TV pastor Joel Osteen has responded to online criticism regarding...
The amount America's largest church spends on mission will shock you. We must do better
It has been revealed that Joel Osteen's Lakewood Church spends $31m on weekly services and only $1m on mission and outreach. But putting more resources into Sunday services than evangelism and caring for the poor is a widespread problem which affects UK congregations as well, explain Ben and Catherine Taylor. Is it time for a different approach?
For many churches today, ministry is big business. Staff need paying. Buildings need refurbishing. Projects need funding. God’s house needs building, right?
Last week it was reported that the USA's biggest congregation - Lakewood Church - has an annual budget of $90m! It's a phenomenal figure. But tragically, only $1.2m of this huge budget is spent on mission and outreach. Far more went toward weekly services ($31.7m) and fundraising (11.9m).
But before we throw stones at another church (never a good idea!) we should reflect on how our own, much smaller, churches here in the UK are using funds. Do our budgets reflect what is most important to us? Looking at how church funds are spent says a lot about what we value as being most important. As Jesus said – where our treasure is – there our hearts are also.
Have we lost our way?
The truth is that Lakewood's budget isn't unusual. The size of it might be, but how its used is not. Many churches across our nation spend far more on maintaining their building, general administration and hiring staff than actual evangelistic outreach or ministry to the poor.
This is arguably a very different model from the one that Jesus gave us. When Jesus sent out disciples into his harvest fields he sent them out with nothing (See Matthew 10, Luke 10) He was pioneering a new movement of disciples and churches that would penetrate the hardest to reach people and places and be able to multiply and be flexible enough to transform Jerusalem, Judea and Samaria and the ends of the earth.
Has Jesus’ Apostolic movement become a self-serving club? Has refurbishing the sanctuary become more important than mobilising the saints for worldwide mission and caring for the poor?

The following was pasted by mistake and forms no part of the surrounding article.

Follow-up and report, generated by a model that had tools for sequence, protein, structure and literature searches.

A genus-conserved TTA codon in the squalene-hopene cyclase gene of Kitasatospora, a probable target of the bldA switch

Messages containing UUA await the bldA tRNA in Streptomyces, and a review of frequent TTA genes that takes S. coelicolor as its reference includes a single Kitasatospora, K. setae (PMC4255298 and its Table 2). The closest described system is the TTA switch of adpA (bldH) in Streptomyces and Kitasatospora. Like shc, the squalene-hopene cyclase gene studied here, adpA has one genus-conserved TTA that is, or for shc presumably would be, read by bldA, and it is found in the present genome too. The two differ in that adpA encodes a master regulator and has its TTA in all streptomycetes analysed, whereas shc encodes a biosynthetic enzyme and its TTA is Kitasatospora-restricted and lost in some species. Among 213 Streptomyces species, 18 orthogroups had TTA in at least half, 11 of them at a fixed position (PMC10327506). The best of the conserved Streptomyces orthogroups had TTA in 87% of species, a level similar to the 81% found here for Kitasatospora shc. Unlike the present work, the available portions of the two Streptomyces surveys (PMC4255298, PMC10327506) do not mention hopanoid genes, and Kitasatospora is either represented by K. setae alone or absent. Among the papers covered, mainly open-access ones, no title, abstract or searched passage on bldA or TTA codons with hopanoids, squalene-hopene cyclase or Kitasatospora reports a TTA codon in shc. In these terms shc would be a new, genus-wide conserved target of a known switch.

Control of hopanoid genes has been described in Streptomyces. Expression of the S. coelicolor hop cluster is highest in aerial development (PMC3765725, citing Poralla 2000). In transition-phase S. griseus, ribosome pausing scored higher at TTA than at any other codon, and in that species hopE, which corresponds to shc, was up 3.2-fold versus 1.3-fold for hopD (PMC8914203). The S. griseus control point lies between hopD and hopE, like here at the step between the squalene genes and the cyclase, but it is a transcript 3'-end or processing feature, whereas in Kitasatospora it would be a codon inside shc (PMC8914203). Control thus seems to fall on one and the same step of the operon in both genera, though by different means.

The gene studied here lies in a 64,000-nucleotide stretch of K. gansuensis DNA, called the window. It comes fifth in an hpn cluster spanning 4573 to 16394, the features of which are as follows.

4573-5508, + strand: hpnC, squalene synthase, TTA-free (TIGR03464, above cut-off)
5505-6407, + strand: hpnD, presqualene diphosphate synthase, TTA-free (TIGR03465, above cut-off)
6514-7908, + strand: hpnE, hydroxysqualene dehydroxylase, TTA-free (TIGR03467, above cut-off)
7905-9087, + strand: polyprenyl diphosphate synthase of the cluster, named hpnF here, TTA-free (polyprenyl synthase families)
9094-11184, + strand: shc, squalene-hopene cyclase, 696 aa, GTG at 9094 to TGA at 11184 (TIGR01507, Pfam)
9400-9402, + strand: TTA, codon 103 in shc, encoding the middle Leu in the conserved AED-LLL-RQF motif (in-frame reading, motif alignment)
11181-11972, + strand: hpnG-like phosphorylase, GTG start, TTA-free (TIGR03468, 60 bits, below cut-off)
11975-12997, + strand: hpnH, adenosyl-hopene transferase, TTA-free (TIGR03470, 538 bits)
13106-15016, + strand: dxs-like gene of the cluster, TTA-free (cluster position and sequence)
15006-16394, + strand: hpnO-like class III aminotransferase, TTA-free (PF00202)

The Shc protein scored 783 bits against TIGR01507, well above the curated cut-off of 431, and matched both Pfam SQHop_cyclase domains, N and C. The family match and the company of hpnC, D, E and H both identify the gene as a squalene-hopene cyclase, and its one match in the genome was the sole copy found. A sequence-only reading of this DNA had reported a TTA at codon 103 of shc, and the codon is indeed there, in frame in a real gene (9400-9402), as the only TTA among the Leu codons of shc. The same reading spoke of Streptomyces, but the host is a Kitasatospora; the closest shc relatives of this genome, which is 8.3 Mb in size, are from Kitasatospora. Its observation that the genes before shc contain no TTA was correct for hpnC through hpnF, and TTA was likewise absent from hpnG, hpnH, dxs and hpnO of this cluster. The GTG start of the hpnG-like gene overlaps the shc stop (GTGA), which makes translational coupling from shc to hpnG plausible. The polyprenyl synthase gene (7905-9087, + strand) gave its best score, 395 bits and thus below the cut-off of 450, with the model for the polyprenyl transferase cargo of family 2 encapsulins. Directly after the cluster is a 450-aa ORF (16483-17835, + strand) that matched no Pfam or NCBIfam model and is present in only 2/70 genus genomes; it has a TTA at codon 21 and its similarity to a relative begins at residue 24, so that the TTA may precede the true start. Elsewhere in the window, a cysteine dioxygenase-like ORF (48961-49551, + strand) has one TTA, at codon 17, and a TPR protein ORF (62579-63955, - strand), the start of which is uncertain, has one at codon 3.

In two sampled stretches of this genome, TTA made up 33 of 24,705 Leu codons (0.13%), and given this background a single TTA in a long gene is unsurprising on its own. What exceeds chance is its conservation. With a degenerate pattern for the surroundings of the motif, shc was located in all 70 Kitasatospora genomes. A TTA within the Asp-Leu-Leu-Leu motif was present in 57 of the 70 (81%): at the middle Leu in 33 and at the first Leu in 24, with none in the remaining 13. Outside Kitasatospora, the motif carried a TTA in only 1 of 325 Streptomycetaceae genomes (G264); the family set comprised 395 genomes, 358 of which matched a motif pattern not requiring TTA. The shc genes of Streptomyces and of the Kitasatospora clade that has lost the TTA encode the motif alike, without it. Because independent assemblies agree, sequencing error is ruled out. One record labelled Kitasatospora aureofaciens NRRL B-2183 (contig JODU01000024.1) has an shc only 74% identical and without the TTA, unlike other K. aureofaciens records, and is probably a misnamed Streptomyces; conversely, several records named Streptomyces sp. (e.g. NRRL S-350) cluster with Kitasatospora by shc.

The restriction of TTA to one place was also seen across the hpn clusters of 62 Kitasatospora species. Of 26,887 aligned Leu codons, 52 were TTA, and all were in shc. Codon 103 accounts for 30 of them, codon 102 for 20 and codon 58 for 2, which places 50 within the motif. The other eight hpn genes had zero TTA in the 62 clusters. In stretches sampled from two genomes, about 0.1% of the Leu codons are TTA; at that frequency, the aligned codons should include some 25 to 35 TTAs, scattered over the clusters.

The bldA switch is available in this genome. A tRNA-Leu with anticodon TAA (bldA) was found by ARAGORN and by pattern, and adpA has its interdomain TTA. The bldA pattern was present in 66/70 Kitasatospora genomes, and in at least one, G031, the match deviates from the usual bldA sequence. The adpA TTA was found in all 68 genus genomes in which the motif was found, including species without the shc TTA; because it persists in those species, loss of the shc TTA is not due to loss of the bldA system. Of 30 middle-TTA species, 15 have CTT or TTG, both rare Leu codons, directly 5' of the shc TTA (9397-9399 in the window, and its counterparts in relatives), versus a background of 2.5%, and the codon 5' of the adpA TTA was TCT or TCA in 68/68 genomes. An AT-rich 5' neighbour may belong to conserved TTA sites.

Putting mission back where it belongs
A few years ago we began to ask the question – “What would it take to see our region transformed by the Kingdom of God?”
God began to show us a completely different way of making disciples and planting churches.
We realised we needed to see new Jesus centred communities that were not reliant on the 3 'B's of budgets, big-shot leaders and buildings!
I’m fascinated by church planting movements in places like India and Africa where ordinary followers of Jesus have been used by God to multiply thousands of churches among people considered hard to reach. They had no budgets, big shot leaders or buildings but they experienced God at work in amazing ways.
If movements of churches can multiply around the world through unpaid ordinary disciples of Jesus who meet in homes, workplaces, café’s and pubs – then why are we in Europe so concerned about financing our buildings and leaders, rather than resourcing the work of disciple making?
A new movement needs a new mindset
Jesus started a missional movement. The multiplication of churches and the rapid spread of the Gospel were not add-ons for followers of The Way. Mission was not something that a few – ‘more qualified’ – people did in addition to the normal church activities.
Of course the message from the front of many big churches is that we are all called to make disciples, to live sacrificially and to spread the Gospel. But in reality – how churches budget their funds shows what they really think.
Throughout the New Testament we see finances being used to resource the work of church planting and caring for the poor. There weren’t crowds of overpaid professional Christians – just a handful of devoted servants of Jesus who gave themselves to equipping the saints to do the work. There weren’t massive buildings that demanded huge amounts of finance because the people of God met from house to house and in the Temple (a public meeting space).
So consider this…If God desires no-one to perish – then how long will it take to see everyone in the UK given the chance to respond to the Gospel and grow as a disciple of Jesus if we persist with our current models and forms of church? I fear the answer is 'never'.
But what if followers of Jesus met in homes, cafés, pubs and workplaces? What if these disciples practiced ‘bring and share’ and gave all their finances completely towards the work of Apostolic mission and to those who had need? What if the concern for Jesus’ unfinished commission to disciple all nations was greater than the concern to offer over-fed Christians a comfortable worship experience on a Sunday morning?
What if a new movement of churches and communities sprung up where ordinary disciples were empowered to obey all the commands of Jesus without being dependent on the 3 'B's and where there were no financial overheads – other than to support each other’s needs and the work of mission?
Then maybe we would see Jesus’ work in the nations completed in our time…
Ben and Catherine Taylor are based in Somerset, have four children and work with the MissionBritain team (missionbritain.com) to see churches multiplying in the harvest across the 12 regions of the UK and Ireland.
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